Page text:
I hadn't met either Mike or Lars before, although I knew them both from correspondence, but was pleased to see their fine, sensitive fannish faces. Lars was much younger than I expected. I knew that he was still at school but had got the impression from somewhere that he was in his early twenties. We nattered about this and that whilst Olive, Art's charming wife, plied us with sandwiches. After a considerable amount of persuasion Mike decided not to play his guitar!

Somewhere around twelvish, Arthur locked us in for the night, and after I'd gagged Terry's snores with a pillow I got some sleep.

The reason for the TRIODE duo's trip was that they were on their way to Belgium for a few days, from where they would travel on to Holland to greet the arrival in Amsterdam of the KLM charter plane that would be setting out from the US with a cargo of American fans and pros including TAFF-winner Bob Madle, Forrest J Ackerman, Steve Schultheis, Val Anjoonian, Robert Abernathy, Will Jenkins, Shel Deretchin, Fred Prophet, Sam & Christine Moskowitz, and the honeymooning Dave and Ruth Kyle along with Dave's brother and his wife. Also aboard were Harry Harrison and wife Joan who were moving to England. And so the following morning Bentcliffe and Jeeves took Tube, train, and bus to Southend for their flight to Middlekerke Airport, just outside Ostend. Here they were met by local fan Jan Jansen (editor of newszine CONTACT) and his wife Rosa. In their tiny Citroen, the Jansens drove their visitors back to Antwerp, their home town, and booked them into the Cecil Hotel, where fans visiting the city usually stayed.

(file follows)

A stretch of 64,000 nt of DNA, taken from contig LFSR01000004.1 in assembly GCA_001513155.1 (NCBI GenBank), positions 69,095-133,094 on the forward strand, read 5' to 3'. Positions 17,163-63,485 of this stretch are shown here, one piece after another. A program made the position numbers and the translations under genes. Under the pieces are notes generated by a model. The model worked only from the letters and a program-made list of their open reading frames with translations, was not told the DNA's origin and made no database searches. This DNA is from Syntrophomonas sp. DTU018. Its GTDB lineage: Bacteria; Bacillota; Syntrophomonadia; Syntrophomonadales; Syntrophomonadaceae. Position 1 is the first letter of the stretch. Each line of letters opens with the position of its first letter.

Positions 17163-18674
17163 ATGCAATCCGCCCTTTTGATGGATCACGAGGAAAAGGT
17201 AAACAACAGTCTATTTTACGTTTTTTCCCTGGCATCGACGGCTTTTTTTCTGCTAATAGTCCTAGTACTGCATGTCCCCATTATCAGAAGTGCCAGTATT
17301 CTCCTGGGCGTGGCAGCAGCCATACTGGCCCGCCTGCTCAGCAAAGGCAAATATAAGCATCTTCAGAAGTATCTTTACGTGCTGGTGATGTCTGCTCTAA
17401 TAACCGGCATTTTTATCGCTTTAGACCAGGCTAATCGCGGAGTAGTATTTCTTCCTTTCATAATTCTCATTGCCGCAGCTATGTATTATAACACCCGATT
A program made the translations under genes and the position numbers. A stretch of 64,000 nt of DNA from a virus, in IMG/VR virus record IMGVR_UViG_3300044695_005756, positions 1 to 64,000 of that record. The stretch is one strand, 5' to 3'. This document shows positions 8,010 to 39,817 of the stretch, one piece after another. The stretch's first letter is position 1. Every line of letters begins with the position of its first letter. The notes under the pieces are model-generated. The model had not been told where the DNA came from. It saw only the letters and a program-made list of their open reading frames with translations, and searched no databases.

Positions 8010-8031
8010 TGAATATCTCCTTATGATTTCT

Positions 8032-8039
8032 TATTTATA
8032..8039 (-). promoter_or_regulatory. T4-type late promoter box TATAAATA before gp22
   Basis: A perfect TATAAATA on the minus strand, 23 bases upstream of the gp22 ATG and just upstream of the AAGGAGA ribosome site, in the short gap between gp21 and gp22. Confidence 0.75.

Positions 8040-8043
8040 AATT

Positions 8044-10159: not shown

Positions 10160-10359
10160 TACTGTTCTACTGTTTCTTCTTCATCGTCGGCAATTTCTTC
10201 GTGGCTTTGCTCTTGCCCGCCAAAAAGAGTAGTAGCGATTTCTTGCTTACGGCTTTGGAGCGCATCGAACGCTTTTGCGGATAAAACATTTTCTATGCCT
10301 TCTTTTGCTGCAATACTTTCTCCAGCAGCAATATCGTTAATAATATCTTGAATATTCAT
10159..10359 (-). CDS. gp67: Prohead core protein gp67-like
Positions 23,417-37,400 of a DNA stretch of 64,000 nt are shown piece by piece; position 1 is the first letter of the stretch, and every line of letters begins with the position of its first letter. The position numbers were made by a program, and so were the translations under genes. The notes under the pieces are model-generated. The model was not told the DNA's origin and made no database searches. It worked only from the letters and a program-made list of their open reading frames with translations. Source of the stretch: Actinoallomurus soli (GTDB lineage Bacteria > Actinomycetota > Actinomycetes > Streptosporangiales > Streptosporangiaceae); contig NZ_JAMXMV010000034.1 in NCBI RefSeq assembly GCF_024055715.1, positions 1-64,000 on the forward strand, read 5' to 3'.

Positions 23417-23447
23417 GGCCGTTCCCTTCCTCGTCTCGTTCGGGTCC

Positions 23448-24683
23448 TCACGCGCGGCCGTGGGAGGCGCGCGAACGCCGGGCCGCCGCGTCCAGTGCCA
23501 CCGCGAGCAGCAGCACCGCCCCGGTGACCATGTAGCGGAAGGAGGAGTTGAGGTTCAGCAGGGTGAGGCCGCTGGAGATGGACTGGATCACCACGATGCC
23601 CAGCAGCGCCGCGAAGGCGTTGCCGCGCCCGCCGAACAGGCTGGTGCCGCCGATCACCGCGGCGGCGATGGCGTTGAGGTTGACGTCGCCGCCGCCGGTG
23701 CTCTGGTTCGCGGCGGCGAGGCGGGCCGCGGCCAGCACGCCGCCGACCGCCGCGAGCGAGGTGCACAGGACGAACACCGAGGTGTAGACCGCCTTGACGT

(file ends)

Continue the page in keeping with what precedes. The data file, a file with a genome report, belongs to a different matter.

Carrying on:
Eric Bentcliffe and Terry Jeeves in Belgium

On Tuesday, Jansen drove Jeeves and Bentcliffe to Amsterdam to greet their American visitors, killing some time in a hotel before heading for the aiport. The KLM charter had first landed in London where it had disgorged many of its passengers to be met at the airport by Ted Carnell, Ken Bulmer, Brian Lewis, and Sandy Sanderson then whisked off by hired bus to the convention hotel. The remaining passengers had then flown on to Holland. Here's Terry Jeeves:

The point of the trip was to meet Dave Kyle and his flock. They were due to arrive on the 9pm plane at Schipol Airport. By 10.30, we had seen people arrive from Persia, Blackpool, South Africa, and all points East, but still no Dave Kyle. Our coat lapels were worn down to the padding through thumbing our Worldcon badges in the faces of people who looked like Kyle, looked like Americans, or just looked. After another three trips to the enquiry desk, Jan found that they had been holding a message for a 'Mr Jansen'... The staff were amazed to find that he was Mr Jansen. Apparently, Kyle & Co. had arrived at 7.30 and were sitting waiting for us at the KLM offices in Amsterdam...five minutes from our starting point. We set off back and found them busily chewing lumps out of KLM's polished floors. Gear was loaded into taxis, and the giant fleet swung off in impressive array. People gaped at the impressive parade, but the effect was slightly spoiled by the little Citroen gamely struggling to keep up at the back. However, we gave the royal salute to all and sundry, took a wrong turning, just missed parking in a canal, and got to the hotel in time to save the flock from being turned away. The manager finally bedded down the 20 odd fen and near-fen, we had the pleasure of sampling some of the Kyles' lovely wedding cake after we had rescued Ruth Kyle from the clutches of Bentcliffe (apparently no one had warned her) and set off back to Antwerp just after midnight.

Jan Jansen, Eric Bentcliffe, Sonja Jansen, Ruth Kyle, Dave Kyle, and Terry Jeeves outside the Cecil Hotel.

The Americans would be joining them in Antwerp the following day and booking into the same hotel. They would barely have time to squeeze in a day or so of sightseeing because on Thursday it would be time to travel back to London for Worldcon, and the pre-convention meeting at the Globe....